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Rise of the Planet of the Apes

Director: Rupert Wyatt
Cast: Andy Serkis, James Franco, John Lithgow

(US DVD: 13 Dec 2011)

Planet of the Apes fans had more than a little anxiety about the 2011 prequel to the classic series. Most still felt burned by what had looked like the best opportunity to reboot the franchise back in 2001. Helmed by Tim Burton, the allegedly straightforward remake of the first classic film proved visually interesting but utterly aimless in terms of narrative. Gone was the political and social satire that made the 1968 version such a film of the moment.


Perhaps worst of all, Burton tacked on an ending that seemed meant as some kind of strange homage to the shocking and iconic conclusion of the original. Burton’s coda, however, literally made no sense.


Rise of the Planet of the Apes proved more than a pleasant surprise. A box office smash, it also won critical acclaim. Perhaps of most interest, the film ignited a series of discussions, in cultural outlets ranging from the blogosphere to NPR, about everything from animal rights to our current fascination with pandemics.


It’s worth all the attention it received. This is a great action film with beautifully realized effects, a real boon for those of us who feared a CGI mess. Moreover, it becomes more provocative on a second viewing.  It’s a film about the beginnings of a posthuman future… and virtually none of the humans who watch it will root for their own side.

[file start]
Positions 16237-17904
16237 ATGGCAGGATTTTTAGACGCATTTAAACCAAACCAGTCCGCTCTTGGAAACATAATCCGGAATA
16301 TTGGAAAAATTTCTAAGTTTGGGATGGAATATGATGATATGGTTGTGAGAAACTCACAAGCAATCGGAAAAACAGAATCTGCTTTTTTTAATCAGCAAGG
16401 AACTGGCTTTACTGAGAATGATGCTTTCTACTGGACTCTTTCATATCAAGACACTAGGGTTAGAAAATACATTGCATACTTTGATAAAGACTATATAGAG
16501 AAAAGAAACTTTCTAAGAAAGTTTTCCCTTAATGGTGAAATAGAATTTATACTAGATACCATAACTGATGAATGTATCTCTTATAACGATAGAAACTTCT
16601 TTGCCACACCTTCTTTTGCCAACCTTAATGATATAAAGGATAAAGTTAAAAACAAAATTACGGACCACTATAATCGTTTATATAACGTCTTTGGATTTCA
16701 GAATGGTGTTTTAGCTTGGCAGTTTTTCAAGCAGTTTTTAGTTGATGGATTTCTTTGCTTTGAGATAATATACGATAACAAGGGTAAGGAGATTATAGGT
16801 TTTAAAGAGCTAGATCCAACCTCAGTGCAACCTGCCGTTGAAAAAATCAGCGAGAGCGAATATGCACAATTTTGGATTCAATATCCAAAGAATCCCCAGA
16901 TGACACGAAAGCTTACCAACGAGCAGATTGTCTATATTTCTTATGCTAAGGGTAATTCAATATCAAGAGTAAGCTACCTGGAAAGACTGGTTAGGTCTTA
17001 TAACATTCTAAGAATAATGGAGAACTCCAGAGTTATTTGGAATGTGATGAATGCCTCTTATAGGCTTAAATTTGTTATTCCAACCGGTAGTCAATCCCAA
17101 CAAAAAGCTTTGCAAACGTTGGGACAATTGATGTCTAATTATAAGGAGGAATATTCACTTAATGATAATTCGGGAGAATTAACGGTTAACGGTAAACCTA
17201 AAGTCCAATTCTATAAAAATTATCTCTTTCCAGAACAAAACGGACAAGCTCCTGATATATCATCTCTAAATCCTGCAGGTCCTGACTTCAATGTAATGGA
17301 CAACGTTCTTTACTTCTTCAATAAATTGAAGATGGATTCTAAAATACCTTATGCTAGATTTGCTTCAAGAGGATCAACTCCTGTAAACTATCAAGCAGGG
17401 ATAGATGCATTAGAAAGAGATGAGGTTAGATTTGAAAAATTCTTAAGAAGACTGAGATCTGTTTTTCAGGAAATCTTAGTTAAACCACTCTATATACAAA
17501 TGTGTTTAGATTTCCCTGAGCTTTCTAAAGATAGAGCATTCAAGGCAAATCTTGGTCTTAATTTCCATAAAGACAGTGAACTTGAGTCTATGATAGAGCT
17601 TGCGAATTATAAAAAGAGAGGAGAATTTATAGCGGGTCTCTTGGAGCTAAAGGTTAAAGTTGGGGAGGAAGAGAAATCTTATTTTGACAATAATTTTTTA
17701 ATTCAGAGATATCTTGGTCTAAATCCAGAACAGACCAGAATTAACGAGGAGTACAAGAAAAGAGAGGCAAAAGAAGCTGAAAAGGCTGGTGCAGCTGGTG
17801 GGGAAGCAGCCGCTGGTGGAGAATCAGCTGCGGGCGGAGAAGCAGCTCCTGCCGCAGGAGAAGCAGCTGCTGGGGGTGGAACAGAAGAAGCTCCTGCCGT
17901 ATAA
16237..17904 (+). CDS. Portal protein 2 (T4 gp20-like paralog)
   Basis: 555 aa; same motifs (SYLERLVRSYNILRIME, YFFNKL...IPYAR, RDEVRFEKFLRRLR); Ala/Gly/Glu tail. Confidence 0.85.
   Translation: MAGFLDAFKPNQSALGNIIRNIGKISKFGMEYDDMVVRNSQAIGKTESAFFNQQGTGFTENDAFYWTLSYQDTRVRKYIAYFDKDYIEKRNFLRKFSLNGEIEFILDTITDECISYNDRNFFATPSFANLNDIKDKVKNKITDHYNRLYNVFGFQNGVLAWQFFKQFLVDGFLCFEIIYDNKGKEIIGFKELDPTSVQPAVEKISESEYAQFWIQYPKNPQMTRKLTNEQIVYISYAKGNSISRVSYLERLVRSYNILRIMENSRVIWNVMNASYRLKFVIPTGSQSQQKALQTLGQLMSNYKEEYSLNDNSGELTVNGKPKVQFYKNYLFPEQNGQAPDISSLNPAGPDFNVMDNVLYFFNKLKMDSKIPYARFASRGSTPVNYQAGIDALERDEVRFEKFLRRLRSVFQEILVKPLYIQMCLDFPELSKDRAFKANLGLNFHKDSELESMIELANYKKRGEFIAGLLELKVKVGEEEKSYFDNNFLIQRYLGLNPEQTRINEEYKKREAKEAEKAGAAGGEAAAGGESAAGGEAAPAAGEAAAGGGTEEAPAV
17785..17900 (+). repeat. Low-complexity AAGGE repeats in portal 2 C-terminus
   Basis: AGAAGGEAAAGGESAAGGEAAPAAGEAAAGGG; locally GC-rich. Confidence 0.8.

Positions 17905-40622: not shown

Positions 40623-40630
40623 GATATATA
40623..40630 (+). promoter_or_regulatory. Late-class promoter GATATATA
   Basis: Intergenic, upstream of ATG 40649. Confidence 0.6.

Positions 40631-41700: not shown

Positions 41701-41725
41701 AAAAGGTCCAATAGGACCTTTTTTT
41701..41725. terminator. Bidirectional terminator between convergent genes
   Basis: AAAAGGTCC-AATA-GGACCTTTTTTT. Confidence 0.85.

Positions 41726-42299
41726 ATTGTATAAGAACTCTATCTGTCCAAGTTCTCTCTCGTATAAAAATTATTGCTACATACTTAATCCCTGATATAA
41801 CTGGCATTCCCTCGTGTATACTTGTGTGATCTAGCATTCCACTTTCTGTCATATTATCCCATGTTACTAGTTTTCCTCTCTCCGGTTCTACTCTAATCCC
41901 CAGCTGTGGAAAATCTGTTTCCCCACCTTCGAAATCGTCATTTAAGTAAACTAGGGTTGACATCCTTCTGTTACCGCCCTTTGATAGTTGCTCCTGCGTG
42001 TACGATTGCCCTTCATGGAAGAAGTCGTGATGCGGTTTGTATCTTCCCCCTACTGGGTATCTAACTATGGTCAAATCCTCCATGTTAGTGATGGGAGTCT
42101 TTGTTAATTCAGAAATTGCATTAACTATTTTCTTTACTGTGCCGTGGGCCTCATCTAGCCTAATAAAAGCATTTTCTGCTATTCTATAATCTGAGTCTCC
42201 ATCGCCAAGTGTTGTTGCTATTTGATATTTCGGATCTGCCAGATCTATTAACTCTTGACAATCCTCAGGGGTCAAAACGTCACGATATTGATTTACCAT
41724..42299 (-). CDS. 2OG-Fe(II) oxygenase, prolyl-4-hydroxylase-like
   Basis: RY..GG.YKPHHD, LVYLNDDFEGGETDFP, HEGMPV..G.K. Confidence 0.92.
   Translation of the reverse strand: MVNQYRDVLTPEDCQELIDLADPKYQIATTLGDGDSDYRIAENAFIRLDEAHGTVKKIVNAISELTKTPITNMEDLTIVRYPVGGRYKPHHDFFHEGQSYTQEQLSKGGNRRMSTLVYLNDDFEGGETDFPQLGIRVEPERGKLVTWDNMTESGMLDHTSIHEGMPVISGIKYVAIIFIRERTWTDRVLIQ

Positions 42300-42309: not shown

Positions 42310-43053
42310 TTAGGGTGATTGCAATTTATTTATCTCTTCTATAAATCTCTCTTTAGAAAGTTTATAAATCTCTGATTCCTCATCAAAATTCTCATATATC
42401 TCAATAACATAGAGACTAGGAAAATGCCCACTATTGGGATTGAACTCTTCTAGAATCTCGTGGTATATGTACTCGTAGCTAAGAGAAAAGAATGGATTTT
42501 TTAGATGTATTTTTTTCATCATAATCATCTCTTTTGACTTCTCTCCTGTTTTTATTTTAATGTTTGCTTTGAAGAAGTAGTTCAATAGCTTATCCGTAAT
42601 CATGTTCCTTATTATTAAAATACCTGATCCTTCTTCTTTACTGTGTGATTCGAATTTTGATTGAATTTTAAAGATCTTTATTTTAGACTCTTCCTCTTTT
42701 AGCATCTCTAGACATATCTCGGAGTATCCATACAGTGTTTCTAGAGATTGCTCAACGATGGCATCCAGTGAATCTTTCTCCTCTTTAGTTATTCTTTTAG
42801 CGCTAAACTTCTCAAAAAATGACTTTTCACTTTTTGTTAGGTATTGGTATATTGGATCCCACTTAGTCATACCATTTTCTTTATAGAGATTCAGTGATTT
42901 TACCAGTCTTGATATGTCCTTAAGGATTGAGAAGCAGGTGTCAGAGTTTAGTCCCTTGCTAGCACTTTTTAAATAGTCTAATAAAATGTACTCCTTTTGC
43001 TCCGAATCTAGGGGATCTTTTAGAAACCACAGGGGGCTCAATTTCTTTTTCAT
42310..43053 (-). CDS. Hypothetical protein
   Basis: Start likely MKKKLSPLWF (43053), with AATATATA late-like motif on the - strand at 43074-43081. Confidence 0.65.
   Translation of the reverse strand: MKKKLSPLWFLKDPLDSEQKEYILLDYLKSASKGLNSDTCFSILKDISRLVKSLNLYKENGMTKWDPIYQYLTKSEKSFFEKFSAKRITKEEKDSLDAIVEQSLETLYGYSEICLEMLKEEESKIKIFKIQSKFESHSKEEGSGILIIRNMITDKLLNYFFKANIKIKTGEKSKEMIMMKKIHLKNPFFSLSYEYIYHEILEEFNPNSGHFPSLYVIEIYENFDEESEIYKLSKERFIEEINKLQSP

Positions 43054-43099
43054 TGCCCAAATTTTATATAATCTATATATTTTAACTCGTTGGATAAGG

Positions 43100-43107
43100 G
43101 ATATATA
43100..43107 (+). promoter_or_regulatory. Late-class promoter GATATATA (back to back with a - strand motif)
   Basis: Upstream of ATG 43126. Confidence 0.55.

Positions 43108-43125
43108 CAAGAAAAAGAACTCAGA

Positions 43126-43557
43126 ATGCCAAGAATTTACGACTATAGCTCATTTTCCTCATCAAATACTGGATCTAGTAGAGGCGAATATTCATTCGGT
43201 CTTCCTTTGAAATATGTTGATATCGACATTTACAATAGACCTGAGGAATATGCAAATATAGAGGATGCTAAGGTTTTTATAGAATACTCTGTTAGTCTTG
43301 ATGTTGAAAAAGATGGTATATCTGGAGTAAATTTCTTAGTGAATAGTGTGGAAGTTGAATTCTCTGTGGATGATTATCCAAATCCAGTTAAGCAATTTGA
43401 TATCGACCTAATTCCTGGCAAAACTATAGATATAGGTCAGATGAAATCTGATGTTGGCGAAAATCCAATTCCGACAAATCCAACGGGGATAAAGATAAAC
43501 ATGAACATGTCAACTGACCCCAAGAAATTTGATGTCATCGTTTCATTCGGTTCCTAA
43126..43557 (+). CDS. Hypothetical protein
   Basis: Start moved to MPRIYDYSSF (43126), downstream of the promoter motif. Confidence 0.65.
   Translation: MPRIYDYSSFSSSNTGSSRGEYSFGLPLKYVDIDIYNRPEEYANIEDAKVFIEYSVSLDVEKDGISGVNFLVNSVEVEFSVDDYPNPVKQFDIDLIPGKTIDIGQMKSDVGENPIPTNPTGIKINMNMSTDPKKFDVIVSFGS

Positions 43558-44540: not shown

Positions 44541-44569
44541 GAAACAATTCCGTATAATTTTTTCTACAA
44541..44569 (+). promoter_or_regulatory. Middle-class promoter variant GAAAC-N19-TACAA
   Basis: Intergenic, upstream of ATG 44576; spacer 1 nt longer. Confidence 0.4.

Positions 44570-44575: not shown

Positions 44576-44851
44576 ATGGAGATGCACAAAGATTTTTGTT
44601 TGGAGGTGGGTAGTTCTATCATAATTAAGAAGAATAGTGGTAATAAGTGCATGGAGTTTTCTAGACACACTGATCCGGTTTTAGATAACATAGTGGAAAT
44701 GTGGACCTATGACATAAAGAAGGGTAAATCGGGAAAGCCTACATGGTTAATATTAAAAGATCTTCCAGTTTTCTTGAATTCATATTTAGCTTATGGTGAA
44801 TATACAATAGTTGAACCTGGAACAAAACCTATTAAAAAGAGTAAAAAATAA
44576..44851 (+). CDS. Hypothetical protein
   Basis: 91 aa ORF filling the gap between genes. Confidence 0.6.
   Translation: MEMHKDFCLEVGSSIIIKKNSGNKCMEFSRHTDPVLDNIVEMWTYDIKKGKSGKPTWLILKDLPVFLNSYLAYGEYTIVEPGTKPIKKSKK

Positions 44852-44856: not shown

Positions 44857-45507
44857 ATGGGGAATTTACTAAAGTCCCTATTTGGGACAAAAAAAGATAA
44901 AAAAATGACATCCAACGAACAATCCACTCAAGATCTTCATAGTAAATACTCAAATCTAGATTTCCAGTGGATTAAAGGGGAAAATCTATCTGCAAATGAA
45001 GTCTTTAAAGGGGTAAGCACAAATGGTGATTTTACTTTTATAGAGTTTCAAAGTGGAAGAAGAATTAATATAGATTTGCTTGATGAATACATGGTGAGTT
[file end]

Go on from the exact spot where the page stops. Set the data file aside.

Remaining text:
Sadly, the subtext of the film, and what probably incited the most interest, also seemed to provoke the least discussion. Yes, it put in front of our eyes the atrocities that take place in the name of medical science and under the aegis of vast international corporations who care little for human, or animal, life. Yes, it’s a film that asks us to reconsider every question ever asked about our relationship to the animal world. Yes, it poses important questions about our tendency to anthropomorphize cats and dogs while gorging ourselves on cows and chickens and experimenting tortuously on primates who share about 96 percent of our genetic material.


But, as the iconic battle scene on the Golden Gate Bridge makes clear, this is not a story about changing our behavior. It’s not a story about giving money to the Humane Society or even PETA. It’s a story about evolution’s decision to end us.


Rise of the Planet of the Apes contains some elements that make it seem, in certain respects, like a small film. It is, in part, a story of a family told against a backdrop of scientific experimentation that we, of course, know will become some kind of Frankenstein’s monster. But so much of the focus of the first hour centers on the chimp Caesar and the relationships he builds with his human friends, sympathetic scientist (James Franco) and his father (John Lithgow), that we forget how an evil pharma-corporate firm called Gen-Sy will, maybe, unleash a terrible biohazard into the world.


And of course, they do. The serum that Franco’s character helps develop increases the intelligence of primates but rips human beings apart with an incredibly viral disease strain. Interestingly, however, the story of human hubris leading to apocalyptic catastrophe takes a back seat to Caesar’s growing sense of self-consciousness and injustice. The degree to which we utterly identify with Caesar testifies both to the excellent scripting and the ability of actor Andy Serkis to portray our hairy hero’s fear, angst and eventual defiance through the filter of performance capture technology.